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Escaping the Delta
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About the Author

Elijah Waldis a writer and musician whose books include Escaping the Delta: Robert Johnson and the Invention of the Blues and How the Beatles Destroyed Rock 'n' Roll: An Alternative History of American Popular Music. A respected expert on the folk revival, he collaborated with Dave Van Ronk on The Mayor of MacDougal Street, the inspiration for the Coen Brothers' film Inside Llewyn Davis. His awards include a 2002 Grammy, and he has taught blues history at UCLA and lectured widely on American, Mexican, and world music. He currently lives in Medford, Massachusetts.

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"There has probably been more romantic foolishness written about blues in general, and Robert Johnson in particular, than just about any other genre or performer in the twentieth century." So writes blues scholar Wald in his unromanticized recount of this genre's roots in popular music and of Johnson as a minor player in the music's early development. With weighty research and an acute personal knowledge, Wald takes a candid look at the music as a whole and at his own aesthetics as a white musician, fan, and journalist, removing many of the stereotypes and much of the folklore built up over the last century. The blues have always been commercial music made by musicians trying to earn a living, and Johnson is Wald's benchmark to show how the tastes and fan base have changed over the years. It will probably sting for Claptonites to realize that the blues never were strictly black or as lyrically stern and hard-drinking as the white rock scene has imagined. This book has a broader historic scope than Barry Lee Pearson and Bill McCullough's recent Robert Johnson Lost and Found, which also debunks blues folklore but stays focused on Johnson and his supposed deal with the devil. An excellent resource for research; recommended for all libraries.-Eric Hahn, West Des Moines, IA Copyright 2003 Reed Business Information.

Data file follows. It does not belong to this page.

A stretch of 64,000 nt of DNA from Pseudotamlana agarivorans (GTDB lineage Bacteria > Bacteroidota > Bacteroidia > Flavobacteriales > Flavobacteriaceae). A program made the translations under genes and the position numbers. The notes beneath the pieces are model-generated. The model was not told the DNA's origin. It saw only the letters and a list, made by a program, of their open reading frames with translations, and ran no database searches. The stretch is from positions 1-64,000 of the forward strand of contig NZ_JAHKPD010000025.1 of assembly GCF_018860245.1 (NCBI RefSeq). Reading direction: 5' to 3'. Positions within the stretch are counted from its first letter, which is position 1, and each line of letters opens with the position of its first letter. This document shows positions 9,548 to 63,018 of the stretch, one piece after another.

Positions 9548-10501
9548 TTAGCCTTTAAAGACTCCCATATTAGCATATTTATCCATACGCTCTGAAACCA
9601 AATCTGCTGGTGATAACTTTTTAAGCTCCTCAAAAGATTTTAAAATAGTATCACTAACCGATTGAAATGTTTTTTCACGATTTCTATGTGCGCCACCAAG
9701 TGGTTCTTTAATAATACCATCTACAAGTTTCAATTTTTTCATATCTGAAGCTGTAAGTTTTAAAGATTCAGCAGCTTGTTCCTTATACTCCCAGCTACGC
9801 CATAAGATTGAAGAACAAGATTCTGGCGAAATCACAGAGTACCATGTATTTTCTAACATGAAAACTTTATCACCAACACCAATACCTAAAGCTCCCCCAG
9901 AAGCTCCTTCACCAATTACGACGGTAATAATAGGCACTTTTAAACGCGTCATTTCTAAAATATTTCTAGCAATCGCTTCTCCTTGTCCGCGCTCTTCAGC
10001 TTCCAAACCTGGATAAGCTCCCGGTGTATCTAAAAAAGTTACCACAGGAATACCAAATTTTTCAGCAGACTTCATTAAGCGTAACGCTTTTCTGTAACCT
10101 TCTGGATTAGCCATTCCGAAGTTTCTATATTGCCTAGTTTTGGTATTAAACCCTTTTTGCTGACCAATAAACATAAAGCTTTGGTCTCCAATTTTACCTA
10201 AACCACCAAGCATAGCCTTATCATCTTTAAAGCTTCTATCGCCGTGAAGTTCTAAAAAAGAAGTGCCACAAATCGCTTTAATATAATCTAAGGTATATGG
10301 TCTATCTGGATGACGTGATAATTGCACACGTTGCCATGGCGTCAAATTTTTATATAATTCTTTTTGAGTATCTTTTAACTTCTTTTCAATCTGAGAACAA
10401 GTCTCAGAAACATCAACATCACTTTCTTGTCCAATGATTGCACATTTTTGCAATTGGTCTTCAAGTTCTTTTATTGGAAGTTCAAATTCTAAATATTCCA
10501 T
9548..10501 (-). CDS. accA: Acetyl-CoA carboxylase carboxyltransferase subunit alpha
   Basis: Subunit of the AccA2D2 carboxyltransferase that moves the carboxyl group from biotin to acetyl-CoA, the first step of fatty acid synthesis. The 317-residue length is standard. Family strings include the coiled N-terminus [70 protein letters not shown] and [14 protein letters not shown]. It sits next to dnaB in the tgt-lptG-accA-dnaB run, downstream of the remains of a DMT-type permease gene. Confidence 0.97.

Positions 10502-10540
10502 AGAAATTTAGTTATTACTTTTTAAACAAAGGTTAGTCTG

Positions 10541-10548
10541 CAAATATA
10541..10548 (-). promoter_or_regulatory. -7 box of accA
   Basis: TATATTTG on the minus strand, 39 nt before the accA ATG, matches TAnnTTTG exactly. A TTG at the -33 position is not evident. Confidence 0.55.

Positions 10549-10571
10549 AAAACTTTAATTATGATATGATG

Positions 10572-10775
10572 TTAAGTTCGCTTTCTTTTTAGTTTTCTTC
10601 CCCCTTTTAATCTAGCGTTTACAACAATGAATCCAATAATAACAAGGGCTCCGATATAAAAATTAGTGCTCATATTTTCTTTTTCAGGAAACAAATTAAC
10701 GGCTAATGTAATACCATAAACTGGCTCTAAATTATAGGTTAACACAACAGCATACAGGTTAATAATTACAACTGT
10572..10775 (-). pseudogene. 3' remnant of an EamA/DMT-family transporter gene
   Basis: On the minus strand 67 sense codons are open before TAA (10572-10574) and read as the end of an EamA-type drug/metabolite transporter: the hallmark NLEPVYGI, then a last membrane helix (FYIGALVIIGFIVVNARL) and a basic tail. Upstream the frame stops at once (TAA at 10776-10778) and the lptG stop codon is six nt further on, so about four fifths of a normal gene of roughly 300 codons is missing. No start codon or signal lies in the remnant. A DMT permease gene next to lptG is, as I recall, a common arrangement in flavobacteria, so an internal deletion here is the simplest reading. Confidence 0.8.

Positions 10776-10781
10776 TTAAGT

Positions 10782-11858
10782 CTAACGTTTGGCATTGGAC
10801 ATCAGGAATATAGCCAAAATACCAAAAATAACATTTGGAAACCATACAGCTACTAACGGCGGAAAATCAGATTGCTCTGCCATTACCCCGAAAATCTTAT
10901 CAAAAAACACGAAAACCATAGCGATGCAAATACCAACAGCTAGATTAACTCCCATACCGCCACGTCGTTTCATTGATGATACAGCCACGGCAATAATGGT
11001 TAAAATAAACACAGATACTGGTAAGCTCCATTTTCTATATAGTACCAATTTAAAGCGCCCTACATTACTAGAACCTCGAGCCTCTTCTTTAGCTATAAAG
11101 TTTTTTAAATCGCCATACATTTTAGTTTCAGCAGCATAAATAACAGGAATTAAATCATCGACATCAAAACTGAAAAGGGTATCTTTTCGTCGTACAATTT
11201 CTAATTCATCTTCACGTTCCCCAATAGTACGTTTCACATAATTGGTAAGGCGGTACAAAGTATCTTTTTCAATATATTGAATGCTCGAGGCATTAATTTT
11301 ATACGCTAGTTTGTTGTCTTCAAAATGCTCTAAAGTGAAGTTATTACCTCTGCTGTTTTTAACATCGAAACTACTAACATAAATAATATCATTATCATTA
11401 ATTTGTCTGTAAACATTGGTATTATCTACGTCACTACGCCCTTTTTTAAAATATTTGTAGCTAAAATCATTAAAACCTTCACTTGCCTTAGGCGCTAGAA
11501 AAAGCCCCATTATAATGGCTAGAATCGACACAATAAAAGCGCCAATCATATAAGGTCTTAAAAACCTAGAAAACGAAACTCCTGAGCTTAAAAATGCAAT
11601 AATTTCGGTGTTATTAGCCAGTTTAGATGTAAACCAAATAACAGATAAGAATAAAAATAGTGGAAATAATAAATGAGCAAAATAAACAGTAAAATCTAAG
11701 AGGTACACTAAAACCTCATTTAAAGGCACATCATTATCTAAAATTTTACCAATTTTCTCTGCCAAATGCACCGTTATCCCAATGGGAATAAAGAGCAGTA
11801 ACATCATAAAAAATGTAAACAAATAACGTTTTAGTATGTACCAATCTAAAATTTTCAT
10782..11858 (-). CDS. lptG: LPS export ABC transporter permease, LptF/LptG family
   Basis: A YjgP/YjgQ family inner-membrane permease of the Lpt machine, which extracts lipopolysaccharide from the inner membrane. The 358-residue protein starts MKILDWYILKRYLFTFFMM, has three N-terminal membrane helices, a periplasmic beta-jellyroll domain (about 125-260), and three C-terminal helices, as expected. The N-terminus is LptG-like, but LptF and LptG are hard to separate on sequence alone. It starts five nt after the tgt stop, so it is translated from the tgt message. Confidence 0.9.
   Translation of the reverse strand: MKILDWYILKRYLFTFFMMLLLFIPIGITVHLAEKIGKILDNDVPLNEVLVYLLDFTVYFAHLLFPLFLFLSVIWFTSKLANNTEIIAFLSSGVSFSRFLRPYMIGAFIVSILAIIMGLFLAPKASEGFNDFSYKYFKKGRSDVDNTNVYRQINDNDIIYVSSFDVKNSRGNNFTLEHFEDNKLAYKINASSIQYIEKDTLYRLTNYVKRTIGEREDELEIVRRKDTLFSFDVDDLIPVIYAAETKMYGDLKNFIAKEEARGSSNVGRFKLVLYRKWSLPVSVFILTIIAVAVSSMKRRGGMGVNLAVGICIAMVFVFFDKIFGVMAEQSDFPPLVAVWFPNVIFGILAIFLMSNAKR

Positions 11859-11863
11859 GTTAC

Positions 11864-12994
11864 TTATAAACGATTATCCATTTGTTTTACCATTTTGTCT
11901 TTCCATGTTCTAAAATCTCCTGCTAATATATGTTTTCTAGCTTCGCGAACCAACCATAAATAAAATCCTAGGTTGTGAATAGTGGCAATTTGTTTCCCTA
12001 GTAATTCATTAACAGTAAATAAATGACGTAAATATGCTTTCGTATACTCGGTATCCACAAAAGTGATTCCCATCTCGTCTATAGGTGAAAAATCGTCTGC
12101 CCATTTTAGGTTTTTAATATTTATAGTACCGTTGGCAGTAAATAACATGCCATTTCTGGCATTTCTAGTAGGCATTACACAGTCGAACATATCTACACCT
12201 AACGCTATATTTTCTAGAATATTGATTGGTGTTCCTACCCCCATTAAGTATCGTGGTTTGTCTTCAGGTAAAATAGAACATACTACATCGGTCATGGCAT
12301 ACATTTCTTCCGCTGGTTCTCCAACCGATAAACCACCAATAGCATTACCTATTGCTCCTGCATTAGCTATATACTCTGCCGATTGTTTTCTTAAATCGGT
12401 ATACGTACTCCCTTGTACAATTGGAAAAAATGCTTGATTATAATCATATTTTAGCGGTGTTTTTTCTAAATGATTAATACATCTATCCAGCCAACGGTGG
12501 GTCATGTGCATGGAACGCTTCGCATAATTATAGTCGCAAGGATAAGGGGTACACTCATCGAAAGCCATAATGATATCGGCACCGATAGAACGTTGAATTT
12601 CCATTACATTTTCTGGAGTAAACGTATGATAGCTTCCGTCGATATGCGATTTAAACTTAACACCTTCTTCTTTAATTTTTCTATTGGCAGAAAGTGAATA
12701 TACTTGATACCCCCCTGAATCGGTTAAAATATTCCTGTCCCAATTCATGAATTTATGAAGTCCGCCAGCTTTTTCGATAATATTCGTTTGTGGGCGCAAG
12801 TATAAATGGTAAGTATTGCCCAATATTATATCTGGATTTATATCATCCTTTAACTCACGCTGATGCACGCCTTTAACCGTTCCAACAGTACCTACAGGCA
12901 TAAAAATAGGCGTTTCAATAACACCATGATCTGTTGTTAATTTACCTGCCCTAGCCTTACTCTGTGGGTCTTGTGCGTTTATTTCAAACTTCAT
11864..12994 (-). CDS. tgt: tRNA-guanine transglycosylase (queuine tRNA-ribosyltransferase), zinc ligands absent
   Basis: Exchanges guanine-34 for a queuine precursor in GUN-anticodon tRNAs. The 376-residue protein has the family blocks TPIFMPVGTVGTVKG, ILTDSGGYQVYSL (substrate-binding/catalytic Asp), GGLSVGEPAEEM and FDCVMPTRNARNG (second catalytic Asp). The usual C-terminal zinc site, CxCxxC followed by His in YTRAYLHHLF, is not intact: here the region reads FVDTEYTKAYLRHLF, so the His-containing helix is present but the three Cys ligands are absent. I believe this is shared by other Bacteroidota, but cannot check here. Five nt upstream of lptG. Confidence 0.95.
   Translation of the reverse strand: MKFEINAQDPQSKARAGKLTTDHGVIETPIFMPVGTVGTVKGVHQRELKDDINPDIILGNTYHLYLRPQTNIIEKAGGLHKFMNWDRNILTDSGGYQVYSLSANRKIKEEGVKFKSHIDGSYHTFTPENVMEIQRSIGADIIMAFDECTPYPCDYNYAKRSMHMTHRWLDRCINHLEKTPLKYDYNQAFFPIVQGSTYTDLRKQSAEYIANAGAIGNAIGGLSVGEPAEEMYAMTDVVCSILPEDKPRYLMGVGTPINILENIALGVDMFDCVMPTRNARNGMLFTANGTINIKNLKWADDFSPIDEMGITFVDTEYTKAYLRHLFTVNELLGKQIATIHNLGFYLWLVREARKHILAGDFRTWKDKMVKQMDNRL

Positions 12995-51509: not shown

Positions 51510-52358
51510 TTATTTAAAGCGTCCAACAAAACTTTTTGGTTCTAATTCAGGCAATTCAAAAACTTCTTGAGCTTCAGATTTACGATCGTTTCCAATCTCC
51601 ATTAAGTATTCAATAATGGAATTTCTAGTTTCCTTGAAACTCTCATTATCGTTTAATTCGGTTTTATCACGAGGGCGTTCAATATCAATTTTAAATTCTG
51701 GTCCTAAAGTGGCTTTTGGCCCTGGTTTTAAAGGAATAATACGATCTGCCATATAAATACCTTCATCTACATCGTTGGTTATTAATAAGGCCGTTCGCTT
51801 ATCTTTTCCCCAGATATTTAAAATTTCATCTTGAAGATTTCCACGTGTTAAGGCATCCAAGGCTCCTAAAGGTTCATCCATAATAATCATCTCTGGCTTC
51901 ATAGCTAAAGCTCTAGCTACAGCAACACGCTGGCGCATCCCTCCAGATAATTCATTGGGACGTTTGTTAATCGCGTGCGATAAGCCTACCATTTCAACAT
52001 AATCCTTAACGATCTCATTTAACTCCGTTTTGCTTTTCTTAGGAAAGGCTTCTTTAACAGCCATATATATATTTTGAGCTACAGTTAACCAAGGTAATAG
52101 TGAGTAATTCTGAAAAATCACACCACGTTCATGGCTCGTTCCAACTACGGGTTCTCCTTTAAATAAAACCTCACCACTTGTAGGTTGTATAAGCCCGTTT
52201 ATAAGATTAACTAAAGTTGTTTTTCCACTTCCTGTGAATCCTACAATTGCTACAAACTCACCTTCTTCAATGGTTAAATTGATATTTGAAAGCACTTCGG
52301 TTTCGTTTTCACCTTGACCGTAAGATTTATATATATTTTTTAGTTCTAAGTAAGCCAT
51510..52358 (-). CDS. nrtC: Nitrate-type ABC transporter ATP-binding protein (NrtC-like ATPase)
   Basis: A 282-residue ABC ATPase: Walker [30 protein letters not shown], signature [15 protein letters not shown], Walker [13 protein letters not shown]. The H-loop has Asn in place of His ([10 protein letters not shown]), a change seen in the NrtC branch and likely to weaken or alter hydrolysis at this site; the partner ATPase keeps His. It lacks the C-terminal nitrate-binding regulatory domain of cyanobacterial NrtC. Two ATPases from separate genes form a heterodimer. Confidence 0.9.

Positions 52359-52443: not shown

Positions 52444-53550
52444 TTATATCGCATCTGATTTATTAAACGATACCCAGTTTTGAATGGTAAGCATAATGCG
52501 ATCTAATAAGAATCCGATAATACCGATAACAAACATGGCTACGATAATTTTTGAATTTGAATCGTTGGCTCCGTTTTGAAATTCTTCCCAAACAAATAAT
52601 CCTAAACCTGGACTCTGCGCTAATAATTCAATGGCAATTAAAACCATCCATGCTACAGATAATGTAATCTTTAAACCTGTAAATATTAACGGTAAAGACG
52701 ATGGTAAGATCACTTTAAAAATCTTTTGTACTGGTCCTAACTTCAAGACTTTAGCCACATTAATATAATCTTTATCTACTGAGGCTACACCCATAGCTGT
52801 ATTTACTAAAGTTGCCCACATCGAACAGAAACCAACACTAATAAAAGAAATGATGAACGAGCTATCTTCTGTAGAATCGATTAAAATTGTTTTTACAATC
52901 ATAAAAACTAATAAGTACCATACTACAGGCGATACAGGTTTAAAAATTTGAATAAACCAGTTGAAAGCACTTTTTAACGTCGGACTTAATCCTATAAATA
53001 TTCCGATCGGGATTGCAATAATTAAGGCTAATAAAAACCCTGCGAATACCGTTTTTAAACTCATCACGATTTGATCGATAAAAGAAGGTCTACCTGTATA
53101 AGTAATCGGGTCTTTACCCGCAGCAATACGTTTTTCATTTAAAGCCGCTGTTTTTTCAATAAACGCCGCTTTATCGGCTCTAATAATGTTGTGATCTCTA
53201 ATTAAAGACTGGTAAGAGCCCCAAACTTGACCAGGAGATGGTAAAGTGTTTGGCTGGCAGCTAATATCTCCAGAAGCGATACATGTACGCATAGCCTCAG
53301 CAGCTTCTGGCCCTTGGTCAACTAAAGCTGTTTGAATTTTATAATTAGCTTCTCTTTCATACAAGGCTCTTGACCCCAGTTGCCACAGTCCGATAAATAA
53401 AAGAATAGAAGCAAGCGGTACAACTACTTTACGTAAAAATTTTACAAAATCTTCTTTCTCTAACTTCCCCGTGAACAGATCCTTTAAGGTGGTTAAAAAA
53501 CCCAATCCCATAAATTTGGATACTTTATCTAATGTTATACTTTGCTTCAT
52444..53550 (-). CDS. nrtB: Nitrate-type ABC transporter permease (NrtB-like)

"If you read only one book about blues...read this one." -- Starred Booklist on Escaping the Delta

In this combination history of blues music and biography of Robert Johnson, Wald, a blues musician himself (and author of Narcorrido), explores Johnson's rise from a little known guitarist who died in 1938 to one of the most influential artists in rock and roll. From the blues' meager beginning in the early 1900s to its '30s heyday and its 1960s revival, Wald gives a revisionist history of the music, which he feels, in many instances, has been mislabeled and misjudged. Though his writing sometimes reads like a textbook, and he occasionally gets bogged down in arcane musical references, Wald's academic precision aids him in his quest to re-analyze America's perception of the blues as well as in trying to decipher the music's murky true origins and history. Using a lengthy comparison of how white Americans and black Americans define the blues, Wald demonstrates how Johnson fit into the gray area between the two. Wald combines a short bio of Johnson with detailed analysis of his songs and the mysterious tales that are associated with him, giving a thorough account of Johnson's life, music and legend. The chapter on how white guitarists like Eric Clapton and Keith Richards interpreted who Johnson was and what he played really shows why he is not one of the many forgotten early 20th-century bluesmen. Wald's theories will no doubt cause passionate discussions among true blues aficionados, but the technical and obscure nature of much of his writing will make the book more of a useful reference resource. (Dec.) Forecast: Amistad is backing this title with a seven-city tour and 50-city radio campaign, with hopes of it becoming a crossover hit. Copyright 2003 Reed Business Information.

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